Mozper raises $1.5M and launches digital banking service for Latin American parents and kids

August 23, 2020
Jonathan is an editor at TechCrunch.
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Yael Israeli
Mozper, a new service launching from Y Combinator’s latest cohort to provide digital banking services, takes its name from the English words for money, prosperity and Generation Z, according to co-founder Yael Israeli.

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A former banker at Lehman Brothers and Barclays Capital, Israeli worked as a consultant for Copa Airlines and then as an independent advisor from her home in Panama.

It was during conversations with her husband’s roommate from Israel, Gabriel Roizner, a serial entrepreneur who built consumer startups in Latin America (like Disca, the online fashion community), that Mozper was born.

Roizner had spent years wandering from Uruguay to France to Brazil to Israel to Mexico and now, settled in Miami, Roizner was ready to start another business.

So the two began planning a service for Latin American consumers that would mirror the kinds of options parents and children have in the U.S. and Europe through startups like Greenlight and GoHenry. Last year, in a sign of how well the business resonates with investors, Greenlight Card raised $54 million in funding to roll out its banking business for parents to teach kids about money.

The team added longtime tech developer Pablo Klestorny as chief technology officer and co-founder and set out to raise capital for their business.

Mozper co-founders Gabriel Roizner, Pablo Klestorny and Yael Israeli. Image Credit: Mozper

Investors know a good thing when they’ve seen it before, so Mozper has already managed to raise roughly $1.5 million on the back of the company’s founders’ personal connections and a business plan that’s proven successful.

What’s different in Latin America is the massive disparity in financial education. Only 30% of Latin Americans have received financial education, according to Israeli. So a service like Mozper’s is far more necessary, she says.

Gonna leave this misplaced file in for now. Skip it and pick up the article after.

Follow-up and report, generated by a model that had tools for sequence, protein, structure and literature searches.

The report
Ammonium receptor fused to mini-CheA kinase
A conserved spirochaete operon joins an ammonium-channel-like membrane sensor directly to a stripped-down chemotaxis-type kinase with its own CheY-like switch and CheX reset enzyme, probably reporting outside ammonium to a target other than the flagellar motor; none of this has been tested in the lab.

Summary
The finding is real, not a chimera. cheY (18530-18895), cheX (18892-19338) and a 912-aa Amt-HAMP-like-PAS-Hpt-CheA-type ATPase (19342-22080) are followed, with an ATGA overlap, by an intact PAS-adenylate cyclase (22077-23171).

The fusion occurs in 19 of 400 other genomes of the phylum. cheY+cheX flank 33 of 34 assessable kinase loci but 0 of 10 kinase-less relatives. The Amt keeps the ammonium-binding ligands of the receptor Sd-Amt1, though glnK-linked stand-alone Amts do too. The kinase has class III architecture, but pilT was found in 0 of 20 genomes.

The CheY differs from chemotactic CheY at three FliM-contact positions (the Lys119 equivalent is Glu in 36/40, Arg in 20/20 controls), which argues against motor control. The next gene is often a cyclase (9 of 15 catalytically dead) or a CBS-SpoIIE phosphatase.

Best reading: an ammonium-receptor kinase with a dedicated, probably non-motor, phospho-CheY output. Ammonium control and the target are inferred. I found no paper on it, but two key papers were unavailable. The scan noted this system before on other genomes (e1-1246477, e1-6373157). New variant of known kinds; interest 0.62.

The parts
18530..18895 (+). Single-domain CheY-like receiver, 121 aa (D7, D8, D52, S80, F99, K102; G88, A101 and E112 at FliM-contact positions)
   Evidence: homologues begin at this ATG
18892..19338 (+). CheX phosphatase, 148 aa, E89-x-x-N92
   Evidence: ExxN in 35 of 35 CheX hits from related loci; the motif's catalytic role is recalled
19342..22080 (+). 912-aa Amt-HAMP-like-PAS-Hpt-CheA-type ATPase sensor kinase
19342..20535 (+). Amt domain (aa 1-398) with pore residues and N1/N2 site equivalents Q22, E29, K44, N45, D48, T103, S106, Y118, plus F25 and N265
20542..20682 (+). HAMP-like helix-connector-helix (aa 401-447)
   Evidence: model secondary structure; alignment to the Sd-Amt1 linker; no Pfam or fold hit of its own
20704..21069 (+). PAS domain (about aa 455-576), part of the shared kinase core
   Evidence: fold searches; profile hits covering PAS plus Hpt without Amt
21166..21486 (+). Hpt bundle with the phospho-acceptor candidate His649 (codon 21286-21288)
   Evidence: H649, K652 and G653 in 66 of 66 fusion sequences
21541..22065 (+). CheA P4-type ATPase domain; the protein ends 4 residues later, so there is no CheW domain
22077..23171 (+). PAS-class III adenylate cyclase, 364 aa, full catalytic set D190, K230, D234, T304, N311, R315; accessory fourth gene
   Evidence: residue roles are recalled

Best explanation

Like the incumbents in the U.S. and Europe, Mozper intends to charge a fee for access to the card and will provide a debit card and an app that both parents and their children can access.

Mozper’s initial market is Mexico, where it launched in late July. The company uses Toka as its sponsor bank and is working on getting its fintech license from the Mexican government. Mozper has also partnered with Visa on card processing services, according to Israeli.

Las opiniones compartidas y expresadas por los analistas son libres e independientes, y de ellas son responsables sus autores. No reflejan ni comprometen el pensamiento u opinión de Latam Fintech Hub, por lo cual no pueden ser interpretadas como recomendaciones emitidas por la platafomra. Esta plataforma es un espacio abierto para promover la diversidad de puntos de vista sobre el ecosistema Fintech.

A former banker at Lehman Brothers and Barclays Capital, Israeli worked as a consultant for Copa Airlines and then as an independent advisor from her home in Panama.

It was during conversations with her husband’s roommate from Israel, Gabriel Roizner, a serial entrepreneur who built consumer startups in Latin America (like Disca, the online fashion community), that Mozper was born.

Roizner had spent years wandering from Uruguay to France to Brazil to Israel to Mexico and now, settled in Miami, Roizner was ready to start another business.

So the two began planning a service for Latin American consumers that would mirror the kinds of options parents and children have in the U.S. and Europe through startups like Greenlight and GoHenry. Last year, in a sign of how well the business resonates with investors, Greenlight Card raised $54 million in funding to roll out its banking business for parents to teach kids about money.

The team added longtime tech developer Pablo Klestorny as chief technology officer and co-founder and set out to raise capital for their business.

Mozper co-founders Gabriel Roizner, Pablo Klestorny and Yael Israeli. Image Credit: Mozper

Investors know a good thing when they’ve seen it before, so Mozper has already managed to raise roughly $1.5 million on the back of the company’s founders’ personal connections and a business plan that’s proven successful.

What’s different in Latin America is the massive disparity in financial education. Only 30% of Latin Americans have received financial education, according to Israeli. So a service like Mozper’s is far more necessary, she says.

Like the incumbents in the U.S. and Europe, Mozper intends to charge a fee for access to the card and will provide a debit card and an app that both parents and their children can access.

Mozper’s initial market is Mexico, where it launched in late July. The company uses Toka as its sponsor bank and is working on getting its fintech license from the Mexican government. Mozper has also partnered with Visa on card processing services, according to Israeli.

Las opiniones compartidas y expresadas por los analistas son libres e independientes, y solamente sus autores son responsables de ellas. No reflejan ni comprometen el pensamiento o la opinión del equipo de Latam Fintech Hub y, por lo tanto, no pueden interpretarse como recomendaciones emitidas por la plataforma. Esta plataforma es un espacio abierto para promover la diversidad de puntos de vista en el ecosistema Fintech.
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Segmento:
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País de origen:
Headquarters:
CDMX
Monto inversión:
1.5
M
Ronda financiación:
Pre Seed
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